Pakistan: end military trials of civilians

by | Apr 3, 2018 | News

The secret military trials of civilians charged with terrorism-related offences are a continuing breach of Pakistan’s international human rights obligations, the ICJ said today.

Military courts were first empowered to try civilians for certain terrorism-related offences on 7 January 2015 by the 21st amendment to the Constitution and amendments to the Pakistan Army Act, 1952, which were in operation for a period of two years.

One year ago, on 31 March 2017, President Mamnoon Hussain signed into law the 23rd amendment to the Constitution to renew military courts’ jurisdiction over civilians until 6 January 2019.

“The renewal of military trials for civilians accused of terrorism last year has only weakened the rule of law, and undermined the right to fair trial and equality before the law in Pakistan,” said Matt Pollard, ICJ’s Senior Legal Adviser.

“Pakistan should end the role of military courts in such cases, and instead strengthen the ability of ordinary courts and law enforcement to ensure investigations and trials that are both fair and effective, in line with its domestic law and international human rights obligations,” he added.

According to the military’s media office and information collected by the ICJ, military courts have convicted 346 people since January 2015, out of which 196 people have been sentenced to death and 150 people have been given prison sentences.

At least 56 people have been hanged. Only one person has been acquitted.

The ICJ has documented serious fair trials violations in the operation of military courts, including: denial of the right to counsel of choice; failure to disclose the charges against the accused; denial of a public hearing; failure to give convicts copies of a judgment with evidence and reasons for the verdict; and a very high number of convictions based on “confessions” without adequate safeguards against torture and ill treatment.

Such use of military courts to try civilians is inconsistent with international fair trial standards, and the imposition of the death penalty after such trials violates the right to life.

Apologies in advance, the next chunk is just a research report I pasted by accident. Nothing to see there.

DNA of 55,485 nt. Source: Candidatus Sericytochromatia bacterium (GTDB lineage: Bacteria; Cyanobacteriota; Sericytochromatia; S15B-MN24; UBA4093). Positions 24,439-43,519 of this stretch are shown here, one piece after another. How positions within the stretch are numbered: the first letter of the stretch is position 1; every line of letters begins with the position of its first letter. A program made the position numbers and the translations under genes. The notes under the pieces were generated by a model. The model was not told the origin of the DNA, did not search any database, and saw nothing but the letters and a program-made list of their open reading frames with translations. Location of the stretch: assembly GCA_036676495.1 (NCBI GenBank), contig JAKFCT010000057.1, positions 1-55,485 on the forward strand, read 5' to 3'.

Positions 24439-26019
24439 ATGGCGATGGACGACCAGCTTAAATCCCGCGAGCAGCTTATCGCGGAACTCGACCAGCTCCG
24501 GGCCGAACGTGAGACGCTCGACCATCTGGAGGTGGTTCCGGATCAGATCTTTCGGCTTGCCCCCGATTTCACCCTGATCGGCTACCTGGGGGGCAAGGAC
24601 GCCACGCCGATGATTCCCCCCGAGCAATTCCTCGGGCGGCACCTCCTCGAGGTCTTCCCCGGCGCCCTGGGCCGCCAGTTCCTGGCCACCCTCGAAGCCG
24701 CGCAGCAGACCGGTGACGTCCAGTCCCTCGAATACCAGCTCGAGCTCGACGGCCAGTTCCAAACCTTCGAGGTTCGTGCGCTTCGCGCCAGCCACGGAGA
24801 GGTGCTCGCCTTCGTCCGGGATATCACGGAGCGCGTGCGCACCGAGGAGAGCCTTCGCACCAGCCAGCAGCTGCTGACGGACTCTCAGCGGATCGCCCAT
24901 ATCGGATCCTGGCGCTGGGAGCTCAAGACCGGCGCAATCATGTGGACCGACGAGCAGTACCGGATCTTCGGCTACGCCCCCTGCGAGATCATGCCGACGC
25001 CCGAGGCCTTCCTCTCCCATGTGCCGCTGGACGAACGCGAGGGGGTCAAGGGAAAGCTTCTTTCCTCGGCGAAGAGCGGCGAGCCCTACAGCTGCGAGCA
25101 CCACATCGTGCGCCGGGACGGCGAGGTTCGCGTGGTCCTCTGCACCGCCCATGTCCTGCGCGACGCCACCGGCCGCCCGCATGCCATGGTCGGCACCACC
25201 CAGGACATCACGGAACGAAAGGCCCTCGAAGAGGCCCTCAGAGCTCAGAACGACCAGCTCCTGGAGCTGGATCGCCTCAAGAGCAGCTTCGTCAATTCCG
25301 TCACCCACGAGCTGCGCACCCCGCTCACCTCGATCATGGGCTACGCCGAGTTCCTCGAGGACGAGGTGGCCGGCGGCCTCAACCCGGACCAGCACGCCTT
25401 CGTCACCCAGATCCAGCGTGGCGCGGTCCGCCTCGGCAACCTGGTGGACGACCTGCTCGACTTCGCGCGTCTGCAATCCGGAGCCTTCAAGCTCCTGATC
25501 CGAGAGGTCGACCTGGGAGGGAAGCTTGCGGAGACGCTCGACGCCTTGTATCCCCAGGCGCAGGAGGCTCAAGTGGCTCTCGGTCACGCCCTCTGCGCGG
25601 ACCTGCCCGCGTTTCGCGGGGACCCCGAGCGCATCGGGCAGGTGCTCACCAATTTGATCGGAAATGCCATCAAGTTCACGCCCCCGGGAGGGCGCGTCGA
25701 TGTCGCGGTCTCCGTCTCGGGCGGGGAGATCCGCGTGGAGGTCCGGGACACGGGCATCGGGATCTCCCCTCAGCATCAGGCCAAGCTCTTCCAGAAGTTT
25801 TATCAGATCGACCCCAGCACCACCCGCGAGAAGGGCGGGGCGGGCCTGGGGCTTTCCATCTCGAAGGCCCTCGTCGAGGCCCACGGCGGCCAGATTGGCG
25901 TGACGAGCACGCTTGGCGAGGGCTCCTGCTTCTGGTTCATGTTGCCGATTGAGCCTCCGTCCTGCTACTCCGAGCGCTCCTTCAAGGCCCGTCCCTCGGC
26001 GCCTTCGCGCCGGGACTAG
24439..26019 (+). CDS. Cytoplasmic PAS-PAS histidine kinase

Families of more than a hundred people convicted by military courts have alleged the convicts were denied a right to a fair trial in petitions to the Supreme Court and various high courts in the country.

Despite acknowledging possible denial of fair trial, the ordinary courts have thus far refused to provide relief to the petitioners due to their lack of jurisdiction over military courts.

The expansion of the jurisdiction of military tribunals through the amendments to the Constitution and the Pakistan Army Act were a part of the Pakistani government’s 20-point “National Action Plan”, adopted following the horrific attack on the Army Public School in Peshawar in December 2014.

The NAP contemplated military courts only as a short-term “solution” to try “terrorists”, on the basis that they would be operational only for a short period during which the Government would bring about necessary “reforms in criminal courts system to strengthen the anti-terrorism institutions.”

However, with less than a year left before the extension under the 23rd Constitutional Amendment is set to expire, no such reforms have taken place.

Contact

 Matt Pollard, ICJ Senior Legal Adviser and UN Representative (Geneva); e: matt.pollard@icj.org

Reema Omer, ICJ International Legal Adviser for South Asia (London), t: +447889565691; e: reema.omer@icj.org

 Background

 The 23rd constitutional amendment allows military tribunals to try civilians who allegedly belong to “a terrorist group or organization misusing the name of religion or a sect” and are suspected of committing a number of offences, including: abducting any person for ransom; raising arms of waging war against Pakistan; causing any person injury or death; using or designing vehicles for terrorist attacks; creating terror or insecurity in Pakistan; and attempting, aiding or abetting any of these acts.

In July 2017, in its Concluding Observations after Pakistan’s first periodic review under the International Covenant on Civil and Political Rights (ICCPR), the UN Human Rights Committee stated that it was concerned by the extension of the jurisdiction of military courts over civilians and allegations of fair trial violations in military courts’ proceedings.

The Human Rights Committee recommended that Pakistan “review the legislation relating to the military courts with a view to abrogating their jurisdiction over civilians and their authority to impose the death penalty” and “reform the military courts to bring their proceedings into full conformity with articles 14 and 15 of the Covenant in order to ensure a fair trial.”

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